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What we have learnt from the Dubai ruler's custody battle

Mohammed bin Rashid Al-Maktoum, Vice President and Prime Minister of the UAE in Riyadh, Saudi Arabia on 10 December 2019 [FAYEZ NURELDINE/AFP/Getty Images]
Mohammed bin Rashid Al-Maktoum, Vice President and Prime Minister of the UAE in Riyadh, Saudi Arabia on 10 December 2019 [FAYEZ NURELDINE/AFP/Getty Images]

London's High Court has ruled that Dubai's leader Sheikh Mohammed Bin Rashid Al-Maktoum ordered the hacking of the phones of his ex-wife and those close to her as part of a bitter custody battle over their children.

Here is a timeline of the main events connected with the case, based on statements and findings made in the English courts.

June 2000: Sheikha Shamsa, daughter of Mohammed and his Algerian wife Huriah Ahmed Al M'aash, flees from her family while on holiday in England. Two months later she is abducted from the streets of Cambridge and taken back to Dubai.

2004: Mohammed, the ruler of Dubai and vice president of the United Arab Emirates, marries Princess Haya Bint Al-Hussein, half-sister of Jordanian King Abdullah II. They go on to have two children.

4 March 2018: Sheikha Latifa, Shamsa's younger sister who tried to run away from her family in 2002, attempts to escape again. Armed Indian coast guards board the boat she was on 20 miles off the coast of India in international waters. Those on board are taken to Dubai.

15 April 2019: Haya, who had begun an affair with her British bodyguard at some stage in 2017 or 2018, flees Dubai with her two children, having become fearful for her life. She later discovers that Mohammed had divorced her under Sharia Law on 7 February, the 20th anniversary of the death of her father, King Hussein.

14 May 2019: Mohammed begins legal action at the High Court in London seeking to have the children returned to Dubai.

July 2019: Mohammed and Haya issue a statement saying the case did not concern divorce or finances but was limited to their children's welfare. The court sets 11 November as the date of the start of the hearings in the case.

March 2020: After a series of hearings held in private, reporting restrictions are lifted to reveal that senior judge Andrew McFarlane had ruled that he accepted as proved a series of allegations made by Haya. These included that Mohammed was responsible for the abductions of Shamsa and Latifa, and they remained deprived of their liberty. The judge also concluded the sheikh had subjected his ex-wife to a campaign of intimidation which put her in fear of her life.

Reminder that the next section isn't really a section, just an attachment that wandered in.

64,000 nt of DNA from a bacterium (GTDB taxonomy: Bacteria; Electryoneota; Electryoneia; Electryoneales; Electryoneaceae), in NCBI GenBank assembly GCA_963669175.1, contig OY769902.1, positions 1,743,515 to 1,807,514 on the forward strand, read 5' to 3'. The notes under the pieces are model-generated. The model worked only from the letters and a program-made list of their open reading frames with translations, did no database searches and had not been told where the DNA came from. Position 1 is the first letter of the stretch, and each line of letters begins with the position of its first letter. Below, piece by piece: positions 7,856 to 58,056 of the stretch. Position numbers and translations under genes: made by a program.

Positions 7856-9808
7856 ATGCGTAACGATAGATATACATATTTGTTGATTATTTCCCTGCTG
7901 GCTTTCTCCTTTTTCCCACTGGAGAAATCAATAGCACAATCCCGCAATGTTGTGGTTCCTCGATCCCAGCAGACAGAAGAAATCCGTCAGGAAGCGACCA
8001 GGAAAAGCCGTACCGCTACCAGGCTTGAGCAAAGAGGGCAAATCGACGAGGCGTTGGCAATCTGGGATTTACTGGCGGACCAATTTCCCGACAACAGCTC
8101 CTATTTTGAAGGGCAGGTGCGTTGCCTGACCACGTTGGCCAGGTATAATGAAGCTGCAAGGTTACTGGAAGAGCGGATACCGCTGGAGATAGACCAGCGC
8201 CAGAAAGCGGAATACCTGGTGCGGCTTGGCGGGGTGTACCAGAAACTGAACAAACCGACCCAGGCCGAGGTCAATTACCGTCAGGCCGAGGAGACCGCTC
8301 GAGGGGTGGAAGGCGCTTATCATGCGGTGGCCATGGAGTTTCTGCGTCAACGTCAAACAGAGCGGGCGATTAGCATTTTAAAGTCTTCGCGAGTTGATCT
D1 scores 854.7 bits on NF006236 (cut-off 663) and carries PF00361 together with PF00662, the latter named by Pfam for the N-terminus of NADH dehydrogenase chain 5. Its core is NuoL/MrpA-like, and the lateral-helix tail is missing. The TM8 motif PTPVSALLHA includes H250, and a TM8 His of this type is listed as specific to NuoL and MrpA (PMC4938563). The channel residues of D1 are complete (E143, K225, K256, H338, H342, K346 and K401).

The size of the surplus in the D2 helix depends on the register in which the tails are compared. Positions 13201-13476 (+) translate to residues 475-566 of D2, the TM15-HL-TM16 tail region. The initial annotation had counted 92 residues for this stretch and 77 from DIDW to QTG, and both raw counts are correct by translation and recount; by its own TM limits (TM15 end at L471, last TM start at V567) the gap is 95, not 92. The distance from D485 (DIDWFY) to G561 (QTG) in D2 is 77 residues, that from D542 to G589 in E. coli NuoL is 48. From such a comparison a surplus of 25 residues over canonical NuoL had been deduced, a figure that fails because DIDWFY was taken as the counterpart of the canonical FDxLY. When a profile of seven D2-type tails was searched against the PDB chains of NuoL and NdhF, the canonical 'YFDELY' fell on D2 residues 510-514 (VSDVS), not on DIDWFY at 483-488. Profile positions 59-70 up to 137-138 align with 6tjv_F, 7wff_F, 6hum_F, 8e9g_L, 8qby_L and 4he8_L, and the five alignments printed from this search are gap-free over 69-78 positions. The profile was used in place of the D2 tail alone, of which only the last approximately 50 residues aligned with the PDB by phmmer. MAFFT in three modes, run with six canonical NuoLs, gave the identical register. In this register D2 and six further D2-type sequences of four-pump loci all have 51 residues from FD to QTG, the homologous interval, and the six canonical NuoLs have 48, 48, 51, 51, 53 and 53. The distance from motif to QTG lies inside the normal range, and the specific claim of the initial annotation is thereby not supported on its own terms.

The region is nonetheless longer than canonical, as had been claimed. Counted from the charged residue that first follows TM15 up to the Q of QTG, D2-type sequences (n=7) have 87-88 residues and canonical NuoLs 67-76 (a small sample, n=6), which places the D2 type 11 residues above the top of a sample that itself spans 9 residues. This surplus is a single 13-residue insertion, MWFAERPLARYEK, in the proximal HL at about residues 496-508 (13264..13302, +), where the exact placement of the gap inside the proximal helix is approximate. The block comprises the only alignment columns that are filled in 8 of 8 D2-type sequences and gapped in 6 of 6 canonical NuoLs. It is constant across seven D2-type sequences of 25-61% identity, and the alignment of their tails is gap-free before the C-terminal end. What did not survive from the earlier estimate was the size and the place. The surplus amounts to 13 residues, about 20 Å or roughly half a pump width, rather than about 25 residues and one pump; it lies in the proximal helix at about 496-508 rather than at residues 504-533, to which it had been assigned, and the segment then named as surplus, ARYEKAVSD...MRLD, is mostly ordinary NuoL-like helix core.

July 2020: Agents working for Mohammed exploit a vulnerability in Apple's iPhone to use the Pegasus software made by Israel's NSO Group to hack the phones of Haya, her British lawyers Fiona Shackleton and Nick Manners, her personal assistant and two of her security team.

5 Aug 2020: Shackleton is notified by another lawyer that their phones might have been hacked after a cyber expert monitoring the use of Pegasus becomes aware of the action.

The same day, Shackleton receives an urgent call from human rights lawyer Cherie Blair, an adviser to the NSO and wife of former Prime Minister Tony Blair, warning her that it was suspected that her phone had been hacked. The firm ends its contract with the UAE as a result of the hack.

7 Sept 2020: Lawyers for Haya tell the High Court about the hacking.

5 May 2021: Judge McFarlane rules that it was "more probable than not" the sheikh was responsible for the hacking.

June 2021: A statement issued by Latifa through lawyers says she is now free to travel, after pictures of her abroad and in a shopping mall in Dubai are published on social media. Two months later, a campaign group which had been working to secure her release from Dubai said it was ending its work.

READ: Women at risk of blackmail as a result of the use of Israel spyware

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